Lukewarm greeting for Clondalkin freight plan

 

THE proposal to create a national freight distribution park in Clondalkin, west Dublin, has received a mixed reaction, with industry representatives expressing scepticism.

The Irish Exporters Association said the proposal to move freight by rail from Dublin Port to the facility would lead to increased transport costs and would fail to have a significant impact on heavy traffic in the city centre.

Mr Colum MacDonnell chief executive, criticised the proposal for not addressing roll on, roll off freight, which accounts for the bulk of Dublin Port traffic.

All freight at the facility would suffer an additional handling charge of between £30 and £50, he added, a cost which could be passed on to consumers.

The Road Haulage Association said the proposal was too narrow in approach, would will affect only one in five heavy vehicles passing through Dublin. Criticising the promoters for not consulting hauliers about the plan, the association's president, Mr Jimmy Quinn, said the facility would result in extra costs and delays. He said the solution to the problem of freight traffic in the city was the Dublin Port access tunnel.

Mr Harry Hines, a director of Irish Express Cargo, a Santry based freight company, said the Clondalkin facility was likely to become a white elephant.

"It's just a very elaborate way of creating jobs, like back in the last century when people were paid to build walls and roads going nowhere. Basically you're just slowing down exports," he said.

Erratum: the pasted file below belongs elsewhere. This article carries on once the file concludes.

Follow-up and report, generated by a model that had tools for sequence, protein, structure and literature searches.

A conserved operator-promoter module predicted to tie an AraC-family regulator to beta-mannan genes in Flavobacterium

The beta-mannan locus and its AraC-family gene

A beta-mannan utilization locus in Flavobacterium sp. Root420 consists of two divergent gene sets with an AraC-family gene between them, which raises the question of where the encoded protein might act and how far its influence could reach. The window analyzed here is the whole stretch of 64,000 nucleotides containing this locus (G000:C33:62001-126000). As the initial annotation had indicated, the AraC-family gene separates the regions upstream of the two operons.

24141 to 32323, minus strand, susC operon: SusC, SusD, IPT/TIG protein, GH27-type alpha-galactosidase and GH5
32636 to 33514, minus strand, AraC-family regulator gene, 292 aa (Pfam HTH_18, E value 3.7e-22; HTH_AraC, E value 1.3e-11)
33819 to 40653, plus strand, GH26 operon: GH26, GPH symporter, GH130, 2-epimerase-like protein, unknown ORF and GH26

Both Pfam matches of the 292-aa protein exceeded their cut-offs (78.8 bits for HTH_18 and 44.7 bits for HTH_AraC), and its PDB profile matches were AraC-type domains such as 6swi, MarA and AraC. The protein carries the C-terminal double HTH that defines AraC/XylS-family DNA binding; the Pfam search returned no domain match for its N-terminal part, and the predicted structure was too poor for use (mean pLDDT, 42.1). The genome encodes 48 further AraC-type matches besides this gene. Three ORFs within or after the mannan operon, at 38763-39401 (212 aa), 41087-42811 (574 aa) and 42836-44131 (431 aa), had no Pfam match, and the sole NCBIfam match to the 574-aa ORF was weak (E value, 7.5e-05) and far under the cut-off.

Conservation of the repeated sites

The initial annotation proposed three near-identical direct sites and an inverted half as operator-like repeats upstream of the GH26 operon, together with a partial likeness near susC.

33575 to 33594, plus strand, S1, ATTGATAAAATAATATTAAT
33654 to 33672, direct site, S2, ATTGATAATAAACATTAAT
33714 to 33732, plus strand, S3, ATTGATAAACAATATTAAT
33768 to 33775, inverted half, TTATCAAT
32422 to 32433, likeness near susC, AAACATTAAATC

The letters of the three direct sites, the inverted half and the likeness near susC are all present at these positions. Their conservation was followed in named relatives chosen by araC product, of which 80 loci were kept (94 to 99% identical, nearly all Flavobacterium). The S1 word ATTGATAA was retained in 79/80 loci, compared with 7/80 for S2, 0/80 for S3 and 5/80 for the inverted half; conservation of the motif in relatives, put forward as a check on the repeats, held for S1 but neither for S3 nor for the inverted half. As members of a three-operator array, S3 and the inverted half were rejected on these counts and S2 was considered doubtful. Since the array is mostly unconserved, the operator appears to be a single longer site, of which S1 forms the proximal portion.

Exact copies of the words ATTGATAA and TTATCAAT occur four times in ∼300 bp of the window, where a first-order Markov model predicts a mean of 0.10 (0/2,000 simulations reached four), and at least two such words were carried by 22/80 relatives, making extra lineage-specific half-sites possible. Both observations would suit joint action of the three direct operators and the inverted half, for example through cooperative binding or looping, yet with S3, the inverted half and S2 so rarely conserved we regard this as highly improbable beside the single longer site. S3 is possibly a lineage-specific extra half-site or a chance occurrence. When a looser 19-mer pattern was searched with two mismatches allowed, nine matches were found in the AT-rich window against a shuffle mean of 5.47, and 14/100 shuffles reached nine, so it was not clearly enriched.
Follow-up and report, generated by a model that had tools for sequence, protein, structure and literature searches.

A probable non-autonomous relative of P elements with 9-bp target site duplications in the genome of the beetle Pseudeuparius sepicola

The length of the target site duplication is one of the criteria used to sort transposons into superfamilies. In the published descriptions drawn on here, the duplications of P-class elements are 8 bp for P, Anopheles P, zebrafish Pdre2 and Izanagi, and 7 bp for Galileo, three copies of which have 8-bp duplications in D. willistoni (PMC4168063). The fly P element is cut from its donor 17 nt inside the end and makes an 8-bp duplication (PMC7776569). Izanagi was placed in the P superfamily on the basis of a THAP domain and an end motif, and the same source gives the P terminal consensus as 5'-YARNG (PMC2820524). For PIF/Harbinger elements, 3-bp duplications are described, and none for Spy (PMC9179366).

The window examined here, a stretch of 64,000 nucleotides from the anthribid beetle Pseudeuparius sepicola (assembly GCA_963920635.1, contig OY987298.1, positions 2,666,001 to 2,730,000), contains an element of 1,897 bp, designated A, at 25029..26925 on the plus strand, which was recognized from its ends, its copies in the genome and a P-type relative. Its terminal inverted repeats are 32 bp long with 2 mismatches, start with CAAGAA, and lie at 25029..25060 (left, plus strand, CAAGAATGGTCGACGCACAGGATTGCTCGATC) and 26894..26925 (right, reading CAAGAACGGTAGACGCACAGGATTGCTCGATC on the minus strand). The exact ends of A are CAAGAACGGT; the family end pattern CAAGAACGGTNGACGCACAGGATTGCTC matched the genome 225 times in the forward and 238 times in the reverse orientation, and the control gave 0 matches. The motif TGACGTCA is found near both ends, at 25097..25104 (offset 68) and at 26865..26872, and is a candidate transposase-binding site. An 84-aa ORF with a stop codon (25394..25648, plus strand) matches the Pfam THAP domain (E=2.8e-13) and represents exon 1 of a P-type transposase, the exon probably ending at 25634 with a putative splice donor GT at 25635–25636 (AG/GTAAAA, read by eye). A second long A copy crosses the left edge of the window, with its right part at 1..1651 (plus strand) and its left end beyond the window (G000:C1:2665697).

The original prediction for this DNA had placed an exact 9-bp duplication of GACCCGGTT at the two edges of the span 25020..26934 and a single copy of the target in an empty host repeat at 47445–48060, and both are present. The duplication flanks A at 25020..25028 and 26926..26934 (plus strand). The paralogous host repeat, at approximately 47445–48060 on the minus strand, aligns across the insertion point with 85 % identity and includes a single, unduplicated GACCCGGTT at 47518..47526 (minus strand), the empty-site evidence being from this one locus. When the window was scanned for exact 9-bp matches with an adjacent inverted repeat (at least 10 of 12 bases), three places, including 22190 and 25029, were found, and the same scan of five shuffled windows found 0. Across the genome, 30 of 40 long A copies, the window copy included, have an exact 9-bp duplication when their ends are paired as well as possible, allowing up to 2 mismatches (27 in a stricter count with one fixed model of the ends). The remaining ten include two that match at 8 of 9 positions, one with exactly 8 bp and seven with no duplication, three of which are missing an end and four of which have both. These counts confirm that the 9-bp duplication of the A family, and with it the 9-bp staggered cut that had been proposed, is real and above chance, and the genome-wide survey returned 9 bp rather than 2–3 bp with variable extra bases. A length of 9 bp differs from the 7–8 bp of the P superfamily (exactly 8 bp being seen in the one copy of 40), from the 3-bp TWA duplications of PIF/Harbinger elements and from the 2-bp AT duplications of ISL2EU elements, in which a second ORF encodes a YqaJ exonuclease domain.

Dublin Port would probably lose business as a result of the plan, he said, adding that the movement of freight to west Dublin would cause traffic problems.

The solution to the problem of heavy traffic in the city centre without penalising freight companies was the creation of easier access to the docks, he said.

"In handling freight these days, everything is urgent."

The Chartered Institute of Transport in Ireland, an independent body for transport professionals, cautiously welcomed the proposal. The institute's chief executive, Mr Philip Mahony, said the project could turn Ireland into a centre for "logistics excellence". He warned that its viability could depend on assessments by shippers and hauliers.

MA Joan Burton, a West Dublin TD and Minister of State, said she hoped detailed discussions with the promoters will eliminate some of the misgivings expressed by the Road Haulage Association. She said it was absurd that all traffic through Dublin Port went by road.

Mr Liam Lawlor, a Fianna Fail TD for Dublin West, said care had to be taken to ensure that Clondalkin did not bear the brunt of hundreds of vehicles travelling to the proposed park. He warned the project could result in the erosion of the green belt between the railway line and the Grand Canal.

The Marino Development Action Group welcomed the proposal, saying it would eliminate the need for a twin tunnel from, Dublin Port through the area.